Image via PortNicholson
Having worked in distribution and video production before, do you find running the brand a lot of work and how have you adjusted to your new workload?
Yeah, it can be pretty intense. Alongside working a full time job as a magazine designer, most of the work is done in the evenings or weekends. It can be stressful but lately I’ve been enjoying it a lot because I know it will be worthwhile eventually. I think I’d lose my mind if I had nothing to do… I always need to be working on something. I’m really unorganised but it seems to all work out somehow, ha-ha.
What brands inspire you the most?
This is always a hard one for me because I can never really say I have a direct influence from any brand… I’m not saying I am original at all, but I try stay away from following trends as much as I can. In saying that, the old Alien Workshop/Habitat was incredible. Pass~Port because they have gone so far from a small Aussie brand. I loved all the British themed artwork that Blueprint was doing too. My main inspiration is people doing cool stuff around me, who are immersed in the scene and constantly creating and evolving. I guess that’s the nature of skateboarding, though. It’s hard to get bored when there is always so much more to learn and explore. It sounds cheesy but that’s kind of the philosophy I live by.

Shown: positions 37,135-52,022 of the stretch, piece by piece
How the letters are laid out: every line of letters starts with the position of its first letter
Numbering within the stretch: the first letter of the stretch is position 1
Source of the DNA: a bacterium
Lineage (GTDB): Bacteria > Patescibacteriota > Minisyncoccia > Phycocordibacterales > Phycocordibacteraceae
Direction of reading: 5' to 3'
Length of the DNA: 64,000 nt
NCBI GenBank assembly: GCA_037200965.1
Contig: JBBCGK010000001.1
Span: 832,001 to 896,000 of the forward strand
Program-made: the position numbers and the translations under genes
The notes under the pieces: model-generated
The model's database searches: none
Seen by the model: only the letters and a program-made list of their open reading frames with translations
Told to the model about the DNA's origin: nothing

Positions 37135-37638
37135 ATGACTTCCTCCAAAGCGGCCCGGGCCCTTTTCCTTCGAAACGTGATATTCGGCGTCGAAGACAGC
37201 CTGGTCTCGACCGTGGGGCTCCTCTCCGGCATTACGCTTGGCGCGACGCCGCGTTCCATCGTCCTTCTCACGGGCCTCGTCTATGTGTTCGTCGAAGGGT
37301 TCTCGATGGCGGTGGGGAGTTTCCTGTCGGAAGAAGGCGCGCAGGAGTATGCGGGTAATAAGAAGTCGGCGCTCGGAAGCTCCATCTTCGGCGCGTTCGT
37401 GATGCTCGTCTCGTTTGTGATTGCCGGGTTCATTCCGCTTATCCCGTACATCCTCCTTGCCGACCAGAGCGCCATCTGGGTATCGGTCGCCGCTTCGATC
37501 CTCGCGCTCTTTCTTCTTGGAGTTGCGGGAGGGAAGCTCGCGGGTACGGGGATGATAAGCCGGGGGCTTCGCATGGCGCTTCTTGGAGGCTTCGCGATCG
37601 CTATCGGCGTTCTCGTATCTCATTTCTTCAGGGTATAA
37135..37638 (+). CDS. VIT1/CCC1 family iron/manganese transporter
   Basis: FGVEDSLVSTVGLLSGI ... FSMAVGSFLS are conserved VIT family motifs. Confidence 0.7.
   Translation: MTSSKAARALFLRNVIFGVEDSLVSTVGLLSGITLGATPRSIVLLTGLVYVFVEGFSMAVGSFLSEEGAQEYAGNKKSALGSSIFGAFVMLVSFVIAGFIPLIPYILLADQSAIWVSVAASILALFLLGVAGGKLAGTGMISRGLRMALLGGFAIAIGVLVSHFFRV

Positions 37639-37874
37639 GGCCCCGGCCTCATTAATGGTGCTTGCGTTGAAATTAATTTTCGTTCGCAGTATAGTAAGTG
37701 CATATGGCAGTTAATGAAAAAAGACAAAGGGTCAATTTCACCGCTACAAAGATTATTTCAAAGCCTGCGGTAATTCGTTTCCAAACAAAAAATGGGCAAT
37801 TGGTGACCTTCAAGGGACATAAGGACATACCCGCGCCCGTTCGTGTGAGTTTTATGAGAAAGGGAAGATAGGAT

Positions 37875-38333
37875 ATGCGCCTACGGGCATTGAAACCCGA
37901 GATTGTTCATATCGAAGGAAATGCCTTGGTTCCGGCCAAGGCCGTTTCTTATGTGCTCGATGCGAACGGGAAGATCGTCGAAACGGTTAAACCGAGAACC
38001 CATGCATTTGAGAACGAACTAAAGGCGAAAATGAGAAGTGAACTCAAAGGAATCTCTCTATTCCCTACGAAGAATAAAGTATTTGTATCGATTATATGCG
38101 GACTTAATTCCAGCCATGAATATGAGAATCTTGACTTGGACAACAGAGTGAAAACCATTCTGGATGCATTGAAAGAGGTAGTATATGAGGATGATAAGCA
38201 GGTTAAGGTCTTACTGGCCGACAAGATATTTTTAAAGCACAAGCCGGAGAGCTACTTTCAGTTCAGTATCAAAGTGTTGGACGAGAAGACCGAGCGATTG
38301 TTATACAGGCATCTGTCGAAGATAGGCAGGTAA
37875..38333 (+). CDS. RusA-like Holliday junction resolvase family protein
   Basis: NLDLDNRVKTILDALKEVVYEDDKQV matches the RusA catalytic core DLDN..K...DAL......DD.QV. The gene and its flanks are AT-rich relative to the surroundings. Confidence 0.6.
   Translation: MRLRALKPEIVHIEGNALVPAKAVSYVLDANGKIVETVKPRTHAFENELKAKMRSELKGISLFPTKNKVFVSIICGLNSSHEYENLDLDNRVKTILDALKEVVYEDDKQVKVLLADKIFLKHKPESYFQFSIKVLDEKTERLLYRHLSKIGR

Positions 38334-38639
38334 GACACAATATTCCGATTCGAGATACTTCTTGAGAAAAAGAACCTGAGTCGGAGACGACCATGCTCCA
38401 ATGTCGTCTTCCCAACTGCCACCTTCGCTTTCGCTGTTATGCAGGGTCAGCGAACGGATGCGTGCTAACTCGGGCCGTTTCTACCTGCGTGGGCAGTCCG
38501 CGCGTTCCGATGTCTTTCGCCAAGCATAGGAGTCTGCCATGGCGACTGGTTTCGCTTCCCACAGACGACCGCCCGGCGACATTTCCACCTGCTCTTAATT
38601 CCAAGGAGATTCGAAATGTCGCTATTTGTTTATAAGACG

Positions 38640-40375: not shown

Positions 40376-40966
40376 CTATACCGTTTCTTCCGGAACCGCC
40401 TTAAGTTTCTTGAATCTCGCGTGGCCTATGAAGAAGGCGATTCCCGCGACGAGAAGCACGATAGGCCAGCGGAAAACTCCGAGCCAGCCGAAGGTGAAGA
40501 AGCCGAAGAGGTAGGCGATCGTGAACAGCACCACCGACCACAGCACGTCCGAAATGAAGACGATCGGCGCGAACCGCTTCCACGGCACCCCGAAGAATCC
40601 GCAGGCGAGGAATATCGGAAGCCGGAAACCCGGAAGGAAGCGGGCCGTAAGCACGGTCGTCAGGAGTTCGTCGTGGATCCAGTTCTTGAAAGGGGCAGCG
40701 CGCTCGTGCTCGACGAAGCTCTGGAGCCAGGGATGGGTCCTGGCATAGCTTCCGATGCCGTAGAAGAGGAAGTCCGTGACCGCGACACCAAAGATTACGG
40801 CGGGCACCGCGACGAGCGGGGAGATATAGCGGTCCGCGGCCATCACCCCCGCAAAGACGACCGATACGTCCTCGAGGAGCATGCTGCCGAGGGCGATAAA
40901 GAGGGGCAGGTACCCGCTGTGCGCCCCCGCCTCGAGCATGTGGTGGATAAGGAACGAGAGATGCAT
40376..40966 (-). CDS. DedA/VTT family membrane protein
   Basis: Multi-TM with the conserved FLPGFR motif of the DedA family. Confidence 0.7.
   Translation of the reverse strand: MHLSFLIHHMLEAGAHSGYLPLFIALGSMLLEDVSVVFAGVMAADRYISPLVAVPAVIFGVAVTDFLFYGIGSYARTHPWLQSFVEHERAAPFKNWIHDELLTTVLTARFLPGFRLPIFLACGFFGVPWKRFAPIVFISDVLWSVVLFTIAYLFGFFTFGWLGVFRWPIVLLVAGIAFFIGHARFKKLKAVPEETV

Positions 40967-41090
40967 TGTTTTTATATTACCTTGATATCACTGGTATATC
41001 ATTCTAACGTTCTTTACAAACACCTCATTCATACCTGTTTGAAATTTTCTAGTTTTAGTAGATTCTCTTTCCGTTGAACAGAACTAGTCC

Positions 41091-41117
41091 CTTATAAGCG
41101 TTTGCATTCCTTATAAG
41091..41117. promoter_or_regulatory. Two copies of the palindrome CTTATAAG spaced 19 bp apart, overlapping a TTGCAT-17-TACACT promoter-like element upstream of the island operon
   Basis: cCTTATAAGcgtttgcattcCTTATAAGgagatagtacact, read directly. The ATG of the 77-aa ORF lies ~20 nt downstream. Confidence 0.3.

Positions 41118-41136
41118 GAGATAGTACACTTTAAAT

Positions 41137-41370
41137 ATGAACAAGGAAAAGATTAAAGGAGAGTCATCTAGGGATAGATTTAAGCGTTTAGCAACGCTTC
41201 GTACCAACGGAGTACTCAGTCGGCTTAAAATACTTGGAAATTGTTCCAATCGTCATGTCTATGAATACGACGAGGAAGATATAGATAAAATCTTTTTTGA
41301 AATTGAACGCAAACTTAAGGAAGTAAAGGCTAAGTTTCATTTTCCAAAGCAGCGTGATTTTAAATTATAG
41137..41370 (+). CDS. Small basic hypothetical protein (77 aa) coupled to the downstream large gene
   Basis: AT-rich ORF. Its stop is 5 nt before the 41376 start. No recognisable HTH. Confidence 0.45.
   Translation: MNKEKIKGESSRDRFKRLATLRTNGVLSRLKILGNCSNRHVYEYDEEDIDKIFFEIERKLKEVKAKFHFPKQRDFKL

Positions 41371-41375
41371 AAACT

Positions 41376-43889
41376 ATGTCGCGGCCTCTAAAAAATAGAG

Future plans for Daylight?
I’d love to make it my full time job, support the people around me and grow it into something to reach other parts of the world. I want people to perceive it as something they haven’t seen before and put New Zealand on the worldwide skateboarding map.International distribution is the next step and something I never thought would be possible. Stocking to 3 stores in Melbourne is already a huge leap. One of the stores order is bigger than the whole of NZ’s combined! For future plans, I want to continue working on visuals, keep filming, shooting, creating, travelling, learning and growing.
I want to showcase New Zealand and it’s vast talent to the world, stay humble, positive and skate as much as I can.
Luke Browne | 50-50 FS 180 | Seq: Jake Mein
Interviewed by Casey Foley for Ducktales Issue 8
Watch Lukes newest video production "OZONE" below or get the hard copy accompanied with a dope A4 zine HERE.